Born in Rotherham, Edwin La Dell won scholarships to Sheffield School of Art and the Royal College of Art (RCA), where he studied under John Nash and Percy Horton. Often using flat colour overlays, his work conveyed a strong sense of design as well as an interest in atmospheric effects. During the Second World War, he joined the Civil Defence Camouflage Establishment in Leamington Spa, working as a camouflage designer. He became involved with the Artists International Association and also submitted work to the War Artists Advisory Committee. In 1943, he was sent on active service, first in Belgium and then on the German Front. From 1946 to 1949, he produced paintings, lithographs and murals for the Central Office of Information.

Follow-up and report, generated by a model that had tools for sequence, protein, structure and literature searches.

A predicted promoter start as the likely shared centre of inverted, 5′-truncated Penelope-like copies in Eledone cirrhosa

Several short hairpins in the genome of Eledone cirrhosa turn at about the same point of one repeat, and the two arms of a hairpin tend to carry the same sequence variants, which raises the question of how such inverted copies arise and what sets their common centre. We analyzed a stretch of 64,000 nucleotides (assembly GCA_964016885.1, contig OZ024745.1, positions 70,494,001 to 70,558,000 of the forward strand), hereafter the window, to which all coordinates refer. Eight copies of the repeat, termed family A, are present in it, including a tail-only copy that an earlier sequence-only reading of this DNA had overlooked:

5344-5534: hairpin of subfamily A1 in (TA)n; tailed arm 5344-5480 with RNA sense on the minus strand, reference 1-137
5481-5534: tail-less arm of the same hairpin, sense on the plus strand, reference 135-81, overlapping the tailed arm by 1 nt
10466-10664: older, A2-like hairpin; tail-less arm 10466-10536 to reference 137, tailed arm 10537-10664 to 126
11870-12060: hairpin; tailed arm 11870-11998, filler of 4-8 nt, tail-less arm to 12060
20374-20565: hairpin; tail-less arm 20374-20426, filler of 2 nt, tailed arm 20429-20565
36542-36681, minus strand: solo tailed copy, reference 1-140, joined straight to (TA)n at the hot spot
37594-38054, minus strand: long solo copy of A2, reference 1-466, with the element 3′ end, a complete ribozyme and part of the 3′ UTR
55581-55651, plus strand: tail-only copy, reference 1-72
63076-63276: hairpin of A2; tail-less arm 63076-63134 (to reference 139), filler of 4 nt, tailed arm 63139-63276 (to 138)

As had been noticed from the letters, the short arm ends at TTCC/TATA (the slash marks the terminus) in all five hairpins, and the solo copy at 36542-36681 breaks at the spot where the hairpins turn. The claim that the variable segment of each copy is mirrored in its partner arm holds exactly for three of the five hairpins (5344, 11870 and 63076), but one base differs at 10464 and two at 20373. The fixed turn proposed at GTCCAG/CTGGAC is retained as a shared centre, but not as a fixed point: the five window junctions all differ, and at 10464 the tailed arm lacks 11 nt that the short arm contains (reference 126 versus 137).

After the War, he continued making art and was employed as a teacher, initially working as a tutor at the RCA in 1948 before becoming Head of the Printmaking. In this role, his impact on post-war printmaking and future generations of printmakers was enormously influential. His works are represented in several public collections including Tate and the Victoria & Albert Museum.
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